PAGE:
# Distribution function problem

altegron

## Homework Statement

Consider a population of individuals with a disease. Suppose that $$t$$ is the number of years since the onset of the disease. The death density function, $$f(t) = cte^{-kt}$$, approximates the fraction of the sick individuals who die in the time interval [t, t+Δt] as follows:
Fraction who die: $$f(t)\Delta t = cte^{-kt} \Delta t$$
where $$c$$ and $$k$$ are positive constants whose values depend on the particular disease.

(a) Find the value of c in terms of k.

(b) Express the cumulative death distribution function in the form below. Your answer will be in terms of k.

$$C(t)=\left\{\begin{array}{cc}A(t),& t < 0\\ B(t), & t \geq 0\end{array}\right$$

## Homework Equations

$$P(t) = \int_{-\inf}^t p(x) dx$$

## The Attempt at a Solution

To solve part a, I know that $$\lim_{t\rightarrow\infty} P(t) = 1$$. So c and k must have values so that it equals one. So I integrate $$f(t)$$ with the relevant equations to get:

$$\frac{-(kt+1) \cdot e^{-kt} \cdot c}{k^2}$$

from negative infinity to t.

The problem is that this diverges to negative infinity and doesn't give me a meaningful answer. So what do I do?

Also, how do I get the the bar with a superscript and subscript for 'from a to b' in tex?

## Answers and Replies

Homework Helper
Hi altegron! Consider a population of individuals with a disease. Suppose that $$t$$ is the number of years since the onset of the disease.

$$P(t) = \int_{-\infty}^t p(x) dx$$

No, nobody died before the onset of the disease! (and that bar would be $$|_a^b\ \big|_a^b\ \Big|_a^b\ \bigg|_a^b\ \Bigg|_a^b$$)

altegron
Hi altegron! No, nobody died before the onset of the disease! (and that bar would be $$|_a^b\ \big|_a^b\ \Big|_a^b\ \bigg|_a^b\ \Bigg|_a^b$$)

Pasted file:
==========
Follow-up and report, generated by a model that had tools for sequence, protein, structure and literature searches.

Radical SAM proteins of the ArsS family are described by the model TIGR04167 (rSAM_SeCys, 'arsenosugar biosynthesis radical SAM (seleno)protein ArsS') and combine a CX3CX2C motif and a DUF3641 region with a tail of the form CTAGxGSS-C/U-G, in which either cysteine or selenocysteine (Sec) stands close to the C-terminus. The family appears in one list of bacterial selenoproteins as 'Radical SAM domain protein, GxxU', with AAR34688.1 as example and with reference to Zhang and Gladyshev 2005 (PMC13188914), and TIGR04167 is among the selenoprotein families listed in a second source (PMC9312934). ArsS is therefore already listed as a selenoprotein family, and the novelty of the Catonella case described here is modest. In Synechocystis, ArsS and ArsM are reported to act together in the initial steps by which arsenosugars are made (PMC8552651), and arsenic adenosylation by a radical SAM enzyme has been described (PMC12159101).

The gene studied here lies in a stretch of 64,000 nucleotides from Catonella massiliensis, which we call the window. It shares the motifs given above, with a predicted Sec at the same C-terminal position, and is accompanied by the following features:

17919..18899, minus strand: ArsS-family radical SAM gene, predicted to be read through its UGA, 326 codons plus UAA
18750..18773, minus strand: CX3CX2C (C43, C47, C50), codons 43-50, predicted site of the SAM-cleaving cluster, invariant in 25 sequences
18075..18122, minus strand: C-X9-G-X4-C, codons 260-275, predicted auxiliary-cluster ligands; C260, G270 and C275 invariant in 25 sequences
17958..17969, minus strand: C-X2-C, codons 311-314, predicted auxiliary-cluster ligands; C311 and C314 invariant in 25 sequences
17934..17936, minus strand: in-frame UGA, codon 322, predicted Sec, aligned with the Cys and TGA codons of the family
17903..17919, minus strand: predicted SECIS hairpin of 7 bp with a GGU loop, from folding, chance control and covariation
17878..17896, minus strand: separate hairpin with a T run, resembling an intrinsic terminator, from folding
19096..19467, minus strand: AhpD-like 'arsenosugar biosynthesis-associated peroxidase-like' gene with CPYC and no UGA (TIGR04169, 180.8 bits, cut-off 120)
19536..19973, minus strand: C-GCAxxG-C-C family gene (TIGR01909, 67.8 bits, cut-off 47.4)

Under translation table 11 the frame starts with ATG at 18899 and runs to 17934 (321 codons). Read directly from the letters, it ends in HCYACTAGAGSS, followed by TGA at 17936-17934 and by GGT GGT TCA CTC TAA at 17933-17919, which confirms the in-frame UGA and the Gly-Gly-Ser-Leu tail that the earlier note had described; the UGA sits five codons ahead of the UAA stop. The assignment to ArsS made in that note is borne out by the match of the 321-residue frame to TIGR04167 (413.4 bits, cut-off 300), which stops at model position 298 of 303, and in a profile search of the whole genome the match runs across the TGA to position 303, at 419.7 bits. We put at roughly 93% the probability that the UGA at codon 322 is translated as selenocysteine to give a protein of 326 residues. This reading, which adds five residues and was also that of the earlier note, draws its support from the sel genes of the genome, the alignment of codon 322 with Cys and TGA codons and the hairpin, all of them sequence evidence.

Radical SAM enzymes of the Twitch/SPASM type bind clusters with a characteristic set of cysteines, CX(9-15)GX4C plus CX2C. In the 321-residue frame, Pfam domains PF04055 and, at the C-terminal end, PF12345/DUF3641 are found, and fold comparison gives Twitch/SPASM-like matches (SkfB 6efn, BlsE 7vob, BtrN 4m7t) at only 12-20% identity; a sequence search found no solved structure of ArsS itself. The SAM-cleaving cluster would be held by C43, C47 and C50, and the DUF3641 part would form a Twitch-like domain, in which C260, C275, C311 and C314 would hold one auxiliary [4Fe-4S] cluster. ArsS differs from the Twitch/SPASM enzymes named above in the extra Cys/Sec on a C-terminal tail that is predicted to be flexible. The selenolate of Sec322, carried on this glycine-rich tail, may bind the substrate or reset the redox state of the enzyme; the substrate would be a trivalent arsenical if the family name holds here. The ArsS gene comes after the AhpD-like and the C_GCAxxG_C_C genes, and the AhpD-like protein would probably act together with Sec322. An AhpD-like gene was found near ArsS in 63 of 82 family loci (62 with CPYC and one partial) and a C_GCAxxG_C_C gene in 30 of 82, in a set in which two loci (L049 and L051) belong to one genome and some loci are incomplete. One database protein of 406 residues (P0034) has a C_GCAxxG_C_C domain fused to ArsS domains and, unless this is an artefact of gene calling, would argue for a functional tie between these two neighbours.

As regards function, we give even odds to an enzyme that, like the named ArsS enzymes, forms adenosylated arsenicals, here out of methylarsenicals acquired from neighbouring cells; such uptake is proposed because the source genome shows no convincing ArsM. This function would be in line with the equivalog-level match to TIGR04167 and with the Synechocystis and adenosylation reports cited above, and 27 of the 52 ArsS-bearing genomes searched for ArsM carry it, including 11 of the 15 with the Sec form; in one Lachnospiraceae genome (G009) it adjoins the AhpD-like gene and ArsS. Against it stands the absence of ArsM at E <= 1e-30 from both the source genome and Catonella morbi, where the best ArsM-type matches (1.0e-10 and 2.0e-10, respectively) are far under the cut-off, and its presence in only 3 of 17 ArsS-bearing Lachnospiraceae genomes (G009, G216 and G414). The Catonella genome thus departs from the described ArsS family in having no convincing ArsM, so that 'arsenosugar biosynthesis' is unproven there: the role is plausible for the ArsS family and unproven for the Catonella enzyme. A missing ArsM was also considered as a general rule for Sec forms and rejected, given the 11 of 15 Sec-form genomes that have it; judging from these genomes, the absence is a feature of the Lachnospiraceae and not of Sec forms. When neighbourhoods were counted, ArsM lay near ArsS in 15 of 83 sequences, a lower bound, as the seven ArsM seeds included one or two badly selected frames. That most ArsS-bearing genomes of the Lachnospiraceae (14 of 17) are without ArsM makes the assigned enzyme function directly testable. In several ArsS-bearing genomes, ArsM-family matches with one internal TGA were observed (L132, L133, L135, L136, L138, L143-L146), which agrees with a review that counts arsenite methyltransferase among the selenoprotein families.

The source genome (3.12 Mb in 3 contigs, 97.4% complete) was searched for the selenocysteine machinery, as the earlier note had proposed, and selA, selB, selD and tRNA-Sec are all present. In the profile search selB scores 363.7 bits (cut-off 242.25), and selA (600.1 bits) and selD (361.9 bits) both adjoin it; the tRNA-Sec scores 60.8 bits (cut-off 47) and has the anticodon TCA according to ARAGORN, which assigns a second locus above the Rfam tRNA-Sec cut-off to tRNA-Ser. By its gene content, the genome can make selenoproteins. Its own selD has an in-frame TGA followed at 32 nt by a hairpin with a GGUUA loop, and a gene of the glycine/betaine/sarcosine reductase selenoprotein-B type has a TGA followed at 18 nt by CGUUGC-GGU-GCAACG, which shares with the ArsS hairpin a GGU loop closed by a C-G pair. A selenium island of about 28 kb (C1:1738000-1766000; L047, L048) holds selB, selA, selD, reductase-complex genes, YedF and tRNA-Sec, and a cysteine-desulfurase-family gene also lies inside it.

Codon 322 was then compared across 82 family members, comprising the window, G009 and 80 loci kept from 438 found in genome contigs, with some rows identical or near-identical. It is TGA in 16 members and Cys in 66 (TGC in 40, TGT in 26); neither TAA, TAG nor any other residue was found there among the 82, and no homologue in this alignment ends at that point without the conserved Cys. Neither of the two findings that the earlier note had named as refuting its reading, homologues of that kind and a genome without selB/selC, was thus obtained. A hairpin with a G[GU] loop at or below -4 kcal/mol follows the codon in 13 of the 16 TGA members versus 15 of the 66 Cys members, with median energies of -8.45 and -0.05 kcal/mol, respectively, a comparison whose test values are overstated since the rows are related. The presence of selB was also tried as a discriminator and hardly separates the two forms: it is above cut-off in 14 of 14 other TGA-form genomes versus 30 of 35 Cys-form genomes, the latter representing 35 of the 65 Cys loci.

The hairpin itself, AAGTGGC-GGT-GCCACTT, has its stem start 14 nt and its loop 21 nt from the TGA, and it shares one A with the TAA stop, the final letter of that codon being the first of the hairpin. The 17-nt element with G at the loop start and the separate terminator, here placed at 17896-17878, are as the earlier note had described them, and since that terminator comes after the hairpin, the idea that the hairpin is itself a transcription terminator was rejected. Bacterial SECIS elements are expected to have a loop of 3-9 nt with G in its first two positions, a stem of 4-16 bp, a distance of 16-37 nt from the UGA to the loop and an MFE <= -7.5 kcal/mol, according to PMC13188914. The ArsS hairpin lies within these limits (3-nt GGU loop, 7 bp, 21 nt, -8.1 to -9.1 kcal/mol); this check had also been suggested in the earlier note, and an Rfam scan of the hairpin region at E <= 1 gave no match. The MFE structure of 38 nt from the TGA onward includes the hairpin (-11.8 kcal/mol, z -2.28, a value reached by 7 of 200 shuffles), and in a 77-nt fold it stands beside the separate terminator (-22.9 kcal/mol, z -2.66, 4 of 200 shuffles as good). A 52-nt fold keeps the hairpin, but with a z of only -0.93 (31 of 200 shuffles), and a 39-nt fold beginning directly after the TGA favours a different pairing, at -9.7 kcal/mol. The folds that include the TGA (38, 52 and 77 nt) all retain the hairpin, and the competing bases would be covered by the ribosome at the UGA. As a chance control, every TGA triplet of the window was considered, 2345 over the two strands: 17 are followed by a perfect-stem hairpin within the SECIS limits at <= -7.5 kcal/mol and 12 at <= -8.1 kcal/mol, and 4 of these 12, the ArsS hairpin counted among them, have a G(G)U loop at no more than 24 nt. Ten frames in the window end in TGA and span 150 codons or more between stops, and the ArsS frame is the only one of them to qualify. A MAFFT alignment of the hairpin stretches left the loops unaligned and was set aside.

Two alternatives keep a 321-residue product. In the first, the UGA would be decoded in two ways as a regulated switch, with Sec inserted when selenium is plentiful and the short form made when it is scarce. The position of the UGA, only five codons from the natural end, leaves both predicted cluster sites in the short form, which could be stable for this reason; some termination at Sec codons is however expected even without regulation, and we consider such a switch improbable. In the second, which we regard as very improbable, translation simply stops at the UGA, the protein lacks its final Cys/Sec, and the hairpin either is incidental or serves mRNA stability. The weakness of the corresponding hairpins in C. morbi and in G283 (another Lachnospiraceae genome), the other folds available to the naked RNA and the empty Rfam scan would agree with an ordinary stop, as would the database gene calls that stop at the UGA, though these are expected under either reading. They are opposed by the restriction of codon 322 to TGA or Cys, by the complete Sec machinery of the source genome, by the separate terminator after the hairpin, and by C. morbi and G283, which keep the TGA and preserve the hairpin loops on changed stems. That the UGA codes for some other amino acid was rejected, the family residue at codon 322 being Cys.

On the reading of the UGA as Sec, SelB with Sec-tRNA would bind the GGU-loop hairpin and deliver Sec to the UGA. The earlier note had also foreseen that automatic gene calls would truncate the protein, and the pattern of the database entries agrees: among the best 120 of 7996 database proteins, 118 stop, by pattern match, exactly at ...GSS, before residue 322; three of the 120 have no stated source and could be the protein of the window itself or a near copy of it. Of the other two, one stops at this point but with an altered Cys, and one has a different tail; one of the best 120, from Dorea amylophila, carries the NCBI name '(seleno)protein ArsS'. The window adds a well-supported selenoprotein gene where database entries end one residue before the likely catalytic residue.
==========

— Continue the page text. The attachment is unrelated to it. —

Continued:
Thanks for the response,

That makes sense -- I guess that means I should integrate from 0 to infinity then?

$$\lim_{x\rightarrow\infty} \int_0^x cte^{-kt} dt = 1$$

Which is easier written as

$$\int_0^{\infty} cte^{-kt} dt = 1$$

Which is:

$$\frac{-(kt+1) \cdot e^{-kt} \cdot c}{k^2} \bigg|_0^{\infty} = 1$$

The infinity term goes to zero and the zero term (negated for subtraction) is:

$$\frac{(k \cdot (0)+1) \cdot e^{-k \cdot (0)} \cdot c}{k^2} = 1$$

$$\frac{(0+1) \cdot e^{0} \cdot c}{k^2} = 1$$

$$\frac{c}{k^2} = 1$$

So, finally:

$$c = k^2$$

That seems plausible but I don't know how to check it.

Then for part b, I know $$A(t) = 0$$ because the disease hasn't started yet.

For $$B(t)$$ we use the integral we've already computed, from zero to t years. We know the value at zero is 1 (actually, -1, but it is being subtracted), so we have:

$$B(t) = 1 - \frac{(kt+1) \cdot e^{-kt} \cdot c}{k^2}$$

And that looks correct on my calculator when I graph it with k=1.

Looks good! for integrals, use [] … LaTeX will automatically size them to fit if you type "\left[" and "\right]" )